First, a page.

Newborn Resuscitation

MCHIP provided direct technical and/or financial support to ministries of health and their implementing partners in 23 countries to train skilled birth attendants to acquire the knowledge and skills, using Helping Babies Breathe, needed to assist babies not breathing at birth to initiate breathing immediately after childbirth.  In addition, MCHIP trained MNH Africa Regional Champions to advocate for and promote these MNH practices including HBB in their respective countries. Recognizing the need for the next generation of health workers to graduate from pre-service institutions with newborn resuscitation competencies ready to help babies breathe, MCHIP worked with selected countries including Ghana, Malawi, and Bangladesh to integrate HBB into various pre-service curricula.

Evidence-based Interventions to Prevent  and Treat Birth Asphyxia
Through training and program support, including the use of SBM/R tools, MCHIP ensured that birth attendants hadthe requisite knowledge and skills to ensure better labor practices, including fetal monitoring during labor, and appropriate management of maternal complications such as eclampsia and abruption placentae to prevent birth asphyxia. The primary focus of the newborn team was ensuring birth attendants had the skills and equipment to successfully resuscitate babies who do not breathe at birth using the HBB learning materials and training methodology.

In-country Helping Babies Breathe (HBB) Activities

The goal for the MCHIP newborn team was to assist countries to have birth attendants skilled in newborn resuscitation and with the necessary functioning equipment at all birthing units, with the primary target being the public health facilities, to assist asphyxiated babies to breathe within the first golden minute of life. Bangladesh was one such country supported by MCHIP. With the MOH &FW in the lead, MCHIP in collaboration with UNICEF, Laerdal Medical Foundation, BSMMU, Save the Children\Saving Newborn Lives and ICDDRB, put Bangladesh on the pathway to achieve national coverage with HBB training ensuring that all service providers attending childbirth or providing care for newborn infants were trained on HBB and equipped to save asphyxiated babies.

In addition, in Latin America & the Caribbean (LAC), MCHIP led the dissemination of HBB for the region, including translation of materials into Spanish (such as the HBB implementation guide).

Key HBB activities included:

  • Adapted HBB materials into the local language, Bangla, and piloted a successful study that was used as advocacy for the country to adopt and scale-up HBB.  During the May 2010 dissemination workshop of the pilot project findings ,the Minister of Health authorized the adoption and scale-up of HBB, which led to the development of a MOH&FW led scale-up.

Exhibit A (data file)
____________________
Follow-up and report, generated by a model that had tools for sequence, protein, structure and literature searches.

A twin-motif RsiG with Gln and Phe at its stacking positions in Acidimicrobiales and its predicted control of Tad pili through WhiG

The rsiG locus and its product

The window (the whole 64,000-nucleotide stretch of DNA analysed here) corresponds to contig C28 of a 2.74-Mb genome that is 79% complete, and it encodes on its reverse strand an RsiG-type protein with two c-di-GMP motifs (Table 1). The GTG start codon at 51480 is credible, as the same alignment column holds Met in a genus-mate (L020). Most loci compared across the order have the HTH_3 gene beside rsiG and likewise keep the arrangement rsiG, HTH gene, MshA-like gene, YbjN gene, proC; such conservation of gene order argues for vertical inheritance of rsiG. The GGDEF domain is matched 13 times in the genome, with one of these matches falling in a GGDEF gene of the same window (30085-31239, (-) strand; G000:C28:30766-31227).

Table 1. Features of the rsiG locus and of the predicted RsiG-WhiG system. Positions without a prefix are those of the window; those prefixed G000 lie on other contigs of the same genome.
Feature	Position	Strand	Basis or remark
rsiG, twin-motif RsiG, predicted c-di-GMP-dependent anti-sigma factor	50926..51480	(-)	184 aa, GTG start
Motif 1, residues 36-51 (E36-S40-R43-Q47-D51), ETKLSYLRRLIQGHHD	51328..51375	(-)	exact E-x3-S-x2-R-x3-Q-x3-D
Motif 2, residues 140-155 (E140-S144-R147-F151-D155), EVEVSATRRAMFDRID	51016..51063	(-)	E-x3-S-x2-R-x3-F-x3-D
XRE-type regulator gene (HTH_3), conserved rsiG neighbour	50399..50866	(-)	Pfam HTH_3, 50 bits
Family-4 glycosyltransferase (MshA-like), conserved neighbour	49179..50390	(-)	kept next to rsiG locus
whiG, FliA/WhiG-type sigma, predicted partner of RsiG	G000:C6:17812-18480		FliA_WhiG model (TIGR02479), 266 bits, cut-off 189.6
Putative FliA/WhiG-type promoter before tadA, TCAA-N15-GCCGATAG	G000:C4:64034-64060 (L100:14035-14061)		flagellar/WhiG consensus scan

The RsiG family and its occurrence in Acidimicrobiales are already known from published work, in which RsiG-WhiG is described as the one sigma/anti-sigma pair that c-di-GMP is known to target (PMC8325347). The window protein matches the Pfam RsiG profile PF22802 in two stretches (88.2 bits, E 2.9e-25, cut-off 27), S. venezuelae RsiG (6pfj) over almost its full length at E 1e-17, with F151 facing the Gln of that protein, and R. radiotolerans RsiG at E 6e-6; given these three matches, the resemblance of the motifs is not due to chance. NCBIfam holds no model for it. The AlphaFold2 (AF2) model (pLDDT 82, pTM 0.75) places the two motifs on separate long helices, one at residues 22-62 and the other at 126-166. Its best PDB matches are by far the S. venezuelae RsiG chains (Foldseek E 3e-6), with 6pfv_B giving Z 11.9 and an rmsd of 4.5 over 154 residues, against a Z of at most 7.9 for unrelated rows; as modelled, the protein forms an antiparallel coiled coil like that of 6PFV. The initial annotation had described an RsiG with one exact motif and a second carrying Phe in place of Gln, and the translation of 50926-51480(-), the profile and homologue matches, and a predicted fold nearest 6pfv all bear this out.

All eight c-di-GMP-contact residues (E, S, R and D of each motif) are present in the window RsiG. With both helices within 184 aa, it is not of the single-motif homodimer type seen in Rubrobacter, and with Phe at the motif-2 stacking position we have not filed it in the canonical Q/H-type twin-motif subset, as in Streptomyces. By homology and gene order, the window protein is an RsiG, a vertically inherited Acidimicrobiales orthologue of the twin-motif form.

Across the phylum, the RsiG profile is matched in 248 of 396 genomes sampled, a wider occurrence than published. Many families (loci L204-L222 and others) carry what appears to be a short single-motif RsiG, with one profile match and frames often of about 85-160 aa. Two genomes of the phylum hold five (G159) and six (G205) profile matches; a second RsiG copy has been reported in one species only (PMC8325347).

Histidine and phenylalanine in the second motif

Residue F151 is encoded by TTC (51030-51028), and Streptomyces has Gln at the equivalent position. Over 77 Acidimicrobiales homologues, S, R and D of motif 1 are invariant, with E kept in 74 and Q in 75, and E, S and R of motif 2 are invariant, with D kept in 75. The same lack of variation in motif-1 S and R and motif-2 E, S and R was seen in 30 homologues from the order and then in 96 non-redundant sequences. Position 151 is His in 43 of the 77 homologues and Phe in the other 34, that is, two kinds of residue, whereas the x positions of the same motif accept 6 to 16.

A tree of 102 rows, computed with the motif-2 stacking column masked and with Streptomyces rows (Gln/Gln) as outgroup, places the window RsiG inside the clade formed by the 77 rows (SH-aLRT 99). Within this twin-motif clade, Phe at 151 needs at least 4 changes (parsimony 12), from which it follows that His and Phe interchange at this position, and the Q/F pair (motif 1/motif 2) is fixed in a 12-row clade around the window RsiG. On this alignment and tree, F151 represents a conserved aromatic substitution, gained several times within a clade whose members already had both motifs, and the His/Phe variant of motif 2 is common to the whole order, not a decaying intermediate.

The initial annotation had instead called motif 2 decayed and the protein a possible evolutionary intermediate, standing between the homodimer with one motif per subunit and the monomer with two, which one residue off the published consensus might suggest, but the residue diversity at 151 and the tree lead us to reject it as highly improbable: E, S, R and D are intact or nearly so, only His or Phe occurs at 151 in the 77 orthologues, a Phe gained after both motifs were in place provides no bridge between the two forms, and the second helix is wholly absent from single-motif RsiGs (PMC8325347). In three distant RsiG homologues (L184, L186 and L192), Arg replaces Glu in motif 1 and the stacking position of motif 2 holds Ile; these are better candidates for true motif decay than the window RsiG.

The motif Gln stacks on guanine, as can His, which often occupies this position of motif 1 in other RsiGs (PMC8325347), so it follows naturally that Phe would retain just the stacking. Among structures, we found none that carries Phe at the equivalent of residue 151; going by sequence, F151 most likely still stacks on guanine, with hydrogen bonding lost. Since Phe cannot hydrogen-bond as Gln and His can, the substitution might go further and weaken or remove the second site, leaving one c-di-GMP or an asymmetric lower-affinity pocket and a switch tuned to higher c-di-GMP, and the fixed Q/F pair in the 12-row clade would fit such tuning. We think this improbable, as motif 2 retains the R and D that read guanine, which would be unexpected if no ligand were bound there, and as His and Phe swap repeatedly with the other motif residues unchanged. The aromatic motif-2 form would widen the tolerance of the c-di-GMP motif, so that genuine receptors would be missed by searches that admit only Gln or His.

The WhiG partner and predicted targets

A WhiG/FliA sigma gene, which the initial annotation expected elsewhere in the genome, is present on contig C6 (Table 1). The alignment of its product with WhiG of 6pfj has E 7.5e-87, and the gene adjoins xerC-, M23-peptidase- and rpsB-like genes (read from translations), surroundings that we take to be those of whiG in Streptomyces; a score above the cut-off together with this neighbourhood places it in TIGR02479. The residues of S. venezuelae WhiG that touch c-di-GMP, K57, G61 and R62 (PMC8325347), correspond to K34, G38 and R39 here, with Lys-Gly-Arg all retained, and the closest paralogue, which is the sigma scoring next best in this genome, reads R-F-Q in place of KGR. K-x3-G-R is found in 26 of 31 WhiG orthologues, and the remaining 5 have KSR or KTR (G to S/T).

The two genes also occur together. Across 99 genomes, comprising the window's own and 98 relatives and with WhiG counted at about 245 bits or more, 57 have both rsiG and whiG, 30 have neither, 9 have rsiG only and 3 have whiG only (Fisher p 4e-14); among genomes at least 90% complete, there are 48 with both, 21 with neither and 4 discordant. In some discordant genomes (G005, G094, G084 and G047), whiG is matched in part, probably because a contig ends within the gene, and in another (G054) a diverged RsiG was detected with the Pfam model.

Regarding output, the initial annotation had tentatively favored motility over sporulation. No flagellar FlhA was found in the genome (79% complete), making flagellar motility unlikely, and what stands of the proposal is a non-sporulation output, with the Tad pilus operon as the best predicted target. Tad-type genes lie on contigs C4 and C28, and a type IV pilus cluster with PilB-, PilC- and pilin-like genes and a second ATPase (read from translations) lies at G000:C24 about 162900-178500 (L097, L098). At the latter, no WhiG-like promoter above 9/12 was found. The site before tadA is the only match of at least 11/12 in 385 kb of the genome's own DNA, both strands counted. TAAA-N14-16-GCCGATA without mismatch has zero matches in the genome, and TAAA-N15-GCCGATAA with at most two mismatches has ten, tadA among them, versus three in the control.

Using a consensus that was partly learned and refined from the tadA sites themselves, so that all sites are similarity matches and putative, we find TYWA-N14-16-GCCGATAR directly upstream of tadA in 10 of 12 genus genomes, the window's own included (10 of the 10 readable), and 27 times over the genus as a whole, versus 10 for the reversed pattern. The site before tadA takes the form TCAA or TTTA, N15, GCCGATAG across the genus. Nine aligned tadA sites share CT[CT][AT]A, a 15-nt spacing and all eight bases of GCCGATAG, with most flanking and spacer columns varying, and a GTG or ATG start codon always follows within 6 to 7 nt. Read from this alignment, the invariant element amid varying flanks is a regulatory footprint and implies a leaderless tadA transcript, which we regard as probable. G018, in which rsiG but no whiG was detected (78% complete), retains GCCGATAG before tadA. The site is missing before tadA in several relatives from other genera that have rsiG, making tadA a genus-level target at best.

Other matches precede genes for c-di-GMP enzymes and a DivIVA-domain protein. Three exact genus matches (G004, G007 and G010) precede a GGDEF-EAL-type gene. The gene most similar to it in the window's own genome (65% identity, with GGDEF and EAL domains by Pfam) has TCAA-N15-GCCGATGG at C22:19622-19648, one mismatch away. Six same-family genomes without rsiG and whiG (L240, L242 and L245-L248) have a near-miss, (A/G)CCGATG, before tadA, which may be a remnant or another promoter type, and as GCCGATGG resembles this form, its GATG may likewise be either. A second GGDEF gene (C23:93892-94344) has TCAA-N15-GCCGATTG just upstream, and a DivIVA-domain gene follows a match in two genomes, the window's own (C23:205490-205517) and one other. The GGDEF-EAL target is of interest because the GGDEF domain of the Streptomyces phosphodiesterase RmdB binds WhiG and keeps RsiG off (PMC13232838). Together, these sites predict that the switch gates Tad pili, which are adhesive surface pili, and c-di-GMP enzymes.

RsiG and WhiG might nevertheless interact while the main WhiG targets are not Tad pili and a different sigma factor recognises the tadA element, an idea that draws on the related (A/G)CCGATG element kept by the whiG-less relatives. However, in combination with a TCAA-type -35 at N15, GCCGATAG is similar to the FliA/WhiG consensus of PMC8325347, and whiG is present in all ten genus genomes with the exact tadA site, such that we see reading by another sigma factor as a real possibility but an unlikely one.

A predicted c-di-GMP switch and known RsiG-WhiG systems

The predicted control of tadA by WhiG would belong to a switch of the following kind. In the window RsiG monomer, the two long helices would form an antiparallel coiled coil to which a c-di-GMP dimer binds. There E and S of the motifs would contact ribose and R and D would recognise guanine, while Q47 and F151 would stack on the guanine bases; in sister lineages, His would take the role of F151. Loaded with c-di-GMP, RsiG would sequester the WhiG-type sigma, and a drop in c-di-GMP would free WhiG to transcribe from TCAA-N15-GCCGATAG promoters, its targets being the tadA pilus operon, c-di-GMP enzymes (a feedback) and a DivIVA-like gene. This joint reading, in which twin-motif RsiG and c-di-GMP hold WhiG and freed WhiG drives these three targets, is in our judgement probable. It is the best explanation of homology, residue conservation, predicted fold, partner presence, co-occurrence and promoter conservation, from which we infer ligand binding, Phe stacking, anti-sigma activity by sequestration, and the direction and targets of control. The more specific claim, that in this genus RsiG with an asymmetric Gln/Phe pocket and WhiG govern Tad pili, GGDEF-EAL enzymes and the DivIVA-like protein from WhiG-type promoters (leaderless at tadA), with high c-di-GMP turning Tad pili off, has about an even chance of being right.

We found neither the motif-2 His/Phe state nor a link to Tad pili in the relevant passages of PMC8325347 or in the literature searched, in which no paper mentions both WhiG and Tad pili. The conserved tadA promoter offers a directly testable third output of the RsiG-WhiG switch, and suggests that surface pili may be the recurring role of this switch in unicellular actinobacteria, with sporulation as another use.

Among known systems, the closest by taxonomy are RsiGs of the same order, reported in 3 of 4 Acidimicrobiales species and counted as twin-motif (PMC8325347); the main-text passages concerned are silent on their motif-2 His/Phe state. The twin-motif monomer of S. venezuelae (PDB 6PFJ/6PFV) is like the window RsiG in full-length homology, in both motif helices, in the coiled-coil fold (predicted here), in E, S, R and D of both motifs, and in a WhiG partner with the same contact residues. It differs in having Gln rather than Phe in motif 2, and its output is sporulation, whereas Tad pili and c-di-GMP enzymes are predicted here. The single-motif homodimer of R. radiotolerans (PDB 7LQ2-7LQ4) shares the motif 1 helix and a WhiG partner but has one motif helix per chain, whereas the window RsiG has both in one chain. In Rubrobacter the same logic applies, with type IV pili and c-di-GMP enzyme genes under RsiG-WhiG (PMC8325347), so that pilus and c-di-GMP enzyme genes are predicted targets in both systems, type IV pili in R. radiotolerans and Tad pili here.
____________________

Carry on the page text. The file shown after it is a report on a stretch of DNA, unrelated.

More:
• Did cascade HBB trainings—from national HBB master trainers, to district and Upazilla level trainers, to service providers working in health facilities or community at the district level.  All sub-national HBB training was supervised from the national level using a standardized checklist.
  • Equipped medical colleges, all district and Upazilla hospitals, and Union Health and Family Welfare Centers (UH&FWCs) with childbirth services.  Also equipped community Skilled Birth Attendants (CSBAs).
  • Implemented post-training supportive supervision by MOH&FW, BSMMU and MCHIP staff from national level combined with supervision from district and upazilla officers.
  • Undertook baseline and endline facility assessments with observation of childbirth services to evaluate impact of HBB training on childbirth practices, particularly newborn resuscitation.


  • Disseminated the science in regional meetings of members of the LAC Neonatal Alliance, such as those of professional associations (pediatric, ob/gyn, nursing, midwifery).
  • Conducted trainings of LAC regional Master Trainers during the same events with partners of the LAC Neonatal Alliance.
  • Provided technical assistance to Ministry of Health and other partners for implementation at country levels.

In Bangladesh, HBB protocol was included in the Standard Operation Procedure for newborn Health Care in all primary and secondary health facilities. HBB training was completed in 45 of the country’s 64 districts and about 1,700 health facilities were equipped with resuscitation equipment (such as ambu bags and face masks for term and preterm babies, and suction devices, penguins). In addition, 443 health facilities (including Medical College and district hospitals, Upazilla Health Complexes and Maternal and Child Welfare Centers) received a complete set of HBB training materials to use for refresher training and/or skills maintenance practices. Almost 2,600 CSBAs  received resuscitation equipment. HBB was integrated into the pre-service curricula for doctors, nurses, midwives, FWVs, private paramedics and CSBAs. The results from the HBB evaluation planned provided information on how the training impacted childbirth practices of the service providers.

In Colombia, HBB was integrated into the Integrated Management of Childhood Illness national program, and in 8 of the country’s 9 health regions in collaboration with USAID bilateral (Abt Associates).